Open Educational Resources
OER resources are defined as “teaching, learning, and research materials in any medium that reside in the public domain or have been released under an open license that permits their free use and re-purposing by others” (Creative Commons). OERs give users the rights to the 5 Rs: retain, reuse, revise, remix, and redistribute the content (Open Content).
For more information, check out these resources:
Open Content: Defining “Open”
This site explores the idea of what “open” means in OER and the effects restrictions can have on these resources.
The Creative Commons organization which seeks to make more works openly online, including OERs, through open licensing of the works. Visit this link for more information about their work with OERs and the Creative Commons licenses.
This site covers some of the myths about OER, including the beliefs that they’re unprofessional, unsustainable, and have a poor business model.
SPARC OER Factsheet
This factsheet features a brief summary of the benefits of OERs and the reasons a faculty member might want to use them.
Office of Educational Technology
More information from the Department of Education on using OER resources in higher education.
Why Open Educational Resources Matter
OER resources seek to remedy some difficulties students and faculty have with traditionally published materials, such as rising costs, incomplete/insufficient coverage of a topic, out of date information, accessibility issues, and copyright restrictions. Utilizing these resources allows faculty to cultivate course materials that fit their needs, while ensuring that students have access to course materials, regardless of their budget.
Why Use OER? by the University of Illinois
The OER Commons allows users to search for materials by subject and education level. In addition to textbooks, the OER Commons also has video lectures, full courses, and other course materials from M.I.T. and other schools. This site also offers how-to videos and group discussion boards for those who want to take full advantage of the resources on this site.
University of Minnesota Open Textbook Library
This collection of OER textbooks managed by the Center for Open Education allows users to search for a topic, or browse by subject. This site also features reviews of the content from professors and other specialists who rate the material on criteria such as accuracy, clarity, grammatical errors, and modularity. This site also has a submissions page for authors who have written an OER textbook.
OpenStax features full textbooks, as well as sections called pages so that educators can remix and combine pages to create their own textbook. Users can browse the OpenStax books on the homepage, or use the search bar to find other pages and books.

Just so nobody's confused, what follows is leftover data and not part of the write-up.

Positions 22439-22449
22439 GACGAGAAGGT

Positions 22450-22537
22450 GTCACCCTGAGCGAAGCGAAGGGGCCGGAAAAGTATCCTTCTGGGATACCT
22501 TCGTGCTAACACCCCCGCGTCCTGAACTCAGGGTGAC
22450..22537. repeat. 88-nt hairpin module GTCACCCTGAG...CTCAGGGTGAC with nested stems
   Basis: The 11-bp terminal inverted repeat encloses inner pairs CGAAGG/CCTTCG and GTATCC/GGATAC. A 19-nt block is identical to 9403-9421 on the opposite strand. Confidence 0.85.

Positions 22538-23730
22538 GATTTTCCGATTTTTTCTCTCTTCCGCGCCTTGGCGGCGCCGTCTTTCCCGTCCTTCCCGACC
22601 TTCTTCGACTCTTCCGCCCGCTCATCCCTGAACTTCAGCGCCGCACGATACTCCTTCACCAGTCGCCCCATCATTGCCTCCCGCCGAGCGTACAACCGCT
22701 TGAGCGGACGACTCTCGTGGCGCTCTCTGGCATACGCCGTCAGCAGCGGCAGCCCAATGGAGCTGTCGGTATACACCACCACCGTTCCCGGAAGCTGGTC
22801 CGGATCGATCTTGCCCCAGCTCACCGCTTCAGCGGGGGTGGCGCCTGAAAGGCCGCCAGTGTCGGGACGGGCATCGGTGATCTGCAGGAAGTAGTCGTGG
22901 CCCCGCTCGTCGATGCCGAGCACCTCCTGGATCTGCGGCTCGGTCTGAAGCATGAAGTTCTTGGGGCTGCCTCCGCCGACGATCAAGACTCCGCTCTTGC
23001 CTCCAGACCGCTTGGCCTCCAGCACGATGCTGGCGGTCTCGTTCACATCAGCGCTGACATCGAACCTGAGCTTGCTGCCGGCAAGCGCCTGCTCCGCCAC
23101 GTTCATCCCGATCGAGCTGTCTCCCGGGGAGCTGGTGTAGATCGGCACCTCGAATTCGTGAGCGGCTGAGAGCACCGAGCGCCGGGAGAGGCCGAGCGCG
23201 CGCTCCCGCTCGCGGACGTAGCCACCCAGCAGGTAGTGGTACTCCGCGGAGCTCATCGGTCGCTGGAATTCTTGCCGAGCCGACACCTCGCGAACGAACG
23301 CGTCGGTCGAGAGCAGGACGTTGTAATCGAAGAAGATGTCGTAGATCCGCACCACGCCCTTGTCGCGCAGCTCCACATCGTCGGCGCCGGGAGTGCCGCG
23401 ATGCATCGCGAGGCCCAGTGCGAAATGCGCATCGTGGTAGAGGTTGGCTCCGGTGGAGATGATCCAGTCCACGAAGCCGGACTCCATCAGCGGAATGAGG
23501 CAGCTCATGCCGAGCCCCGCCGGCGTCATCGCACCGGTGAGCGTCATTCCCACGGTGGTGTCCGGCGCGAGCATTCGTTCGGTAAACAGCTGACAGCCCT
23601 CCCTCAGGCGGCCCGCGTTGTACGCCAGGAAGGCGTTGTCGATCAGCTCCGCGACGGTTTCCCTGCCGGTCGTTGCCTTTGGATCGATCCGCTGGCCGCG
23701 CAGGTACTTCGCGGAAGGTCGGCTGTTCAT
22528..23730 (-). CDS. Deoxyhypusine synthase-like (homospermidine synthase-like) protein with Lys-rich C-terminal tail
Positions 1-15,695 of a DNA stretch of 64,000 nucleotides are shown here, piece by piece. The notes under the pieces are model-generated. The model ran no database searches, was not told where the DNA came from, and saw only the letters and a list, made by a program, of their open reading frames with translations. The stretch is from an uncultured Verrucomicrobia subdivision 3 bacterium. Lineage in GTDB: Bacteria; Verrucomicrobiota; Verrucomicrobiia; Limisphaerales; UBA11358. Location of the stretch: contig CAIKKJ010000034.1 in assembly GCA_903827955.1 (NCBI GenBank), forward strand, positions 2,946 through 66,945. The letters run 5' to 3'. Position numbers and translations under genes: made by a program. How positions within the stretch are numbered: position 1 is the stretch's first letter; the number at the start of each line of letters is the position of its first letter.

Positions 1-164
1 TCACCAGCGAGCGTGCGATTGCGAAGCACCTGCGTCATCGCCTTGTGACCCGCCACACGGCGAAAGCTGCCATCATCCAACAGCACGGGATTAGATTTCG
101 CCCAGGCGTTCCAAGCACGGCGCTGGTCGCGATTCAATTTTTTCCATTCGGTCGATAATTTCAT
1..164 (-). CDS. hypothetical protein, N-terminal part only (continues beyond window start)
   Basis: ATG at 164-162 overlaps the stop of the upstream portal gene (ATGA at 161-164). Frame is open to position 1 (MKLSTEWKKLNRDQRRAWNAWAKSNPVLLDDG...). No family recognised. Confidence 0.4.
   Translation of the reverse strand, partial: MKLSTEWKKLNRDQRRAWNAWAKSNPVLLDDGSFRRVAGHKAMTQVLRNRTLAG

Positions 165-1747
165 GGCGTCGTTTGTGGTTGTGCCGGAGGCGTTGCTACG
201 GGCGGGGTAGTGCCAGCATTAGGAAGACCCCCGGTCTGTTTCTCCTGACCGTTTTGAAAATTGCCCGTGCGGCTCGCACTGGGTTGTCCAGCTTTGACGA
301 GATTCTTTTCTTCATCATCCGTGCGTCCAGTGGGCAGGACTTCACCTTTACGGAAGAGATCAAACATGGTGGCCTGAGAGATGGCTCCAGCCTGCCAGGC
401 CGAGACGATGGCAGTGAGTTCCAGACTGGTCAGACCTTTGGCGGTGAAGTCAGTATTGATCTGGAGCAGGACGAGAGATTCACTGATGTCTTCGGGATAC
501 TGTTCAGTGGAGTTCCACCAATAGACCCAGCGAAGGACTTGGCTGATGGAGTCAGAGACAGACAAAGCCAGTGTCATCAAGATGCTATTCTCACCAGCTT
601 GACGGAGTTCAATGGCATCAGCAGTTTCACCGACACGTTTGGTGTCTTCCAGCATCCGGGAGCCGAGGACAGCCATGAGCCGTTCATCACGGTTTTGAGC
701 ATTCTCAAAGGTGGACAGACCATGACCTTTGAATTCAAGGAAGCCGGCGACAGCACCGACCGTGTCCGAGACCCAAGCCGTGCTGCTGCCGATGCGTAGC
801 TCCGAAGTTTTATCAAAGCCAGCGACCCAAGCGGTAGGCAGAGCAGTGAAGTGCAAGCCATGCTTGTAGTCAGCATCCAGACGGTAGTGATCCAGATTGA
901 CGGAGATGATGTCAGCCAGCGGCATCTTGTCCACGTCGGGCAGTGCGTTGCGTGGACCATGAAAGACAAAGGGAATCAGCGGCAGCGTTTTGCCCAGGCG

College Open Textbooks
This site indexes OER resources from 29 other educational organizations.
Note: this does link to Flatworld, which is NOT free. Ex. https://catalog.flatworldknowledge.com/catalog/editions/carpenter_3_0-principles-of-management-3-0
Boundless features collections of textbooks on broad subjects that they break down into chapters on specific aspects of the topic. For example, the Business book has 21 chapters on topics such as Human Resource Management, Motivation Theories, and Product Distribution. Each chapter is broken down into sections that cover the important elements of the topic.
MERLOT is a community of staff, volunteers, and members who work together in various ways to provide users of OER teaching and learning resources with an abundance of services and tools that can heighten their instructional and educational experience.
An Open Education Reader
This book (readable in a browser) explores the features and side effects of OER, including what defines the ideas of ‘free’ and ‘open’, the economics and business models associated of OERs, and why faculty might want to use them.
Rubrics to Evaluate OER Objects
This short rubric, adapted from the Eight Rubrics by ACHIEVE, focuses on the most important aspects of evaluating an OER to ensure that it is high quality and useful.
Open Education Consortium
The Open Education Consortium provides free resources for educators interested in open education such as information on how to implement OERs in the classroom, asynchronous webinars on OER resources, and statistics on openness in education.
Modifying an Open Access Textbook: What You Need to Know
Authoring Open Textbooks: What You Need to Know
These resources provide guidance on how to modify and create your own OER textbooks. They can be read in a browser or downloaded in a variety of formats, such as PDF, MOBI, and EPUB.
An Examination of the Lived Experience of Eleven Educators who Have Implemented Open Textbooks in Their Teaching
This article explores the experiences of eleven educators, full time and adjunct, who used OERs. This study explores what OERs are, how educators adapt to and use them, and the role of the academic community in the implementation.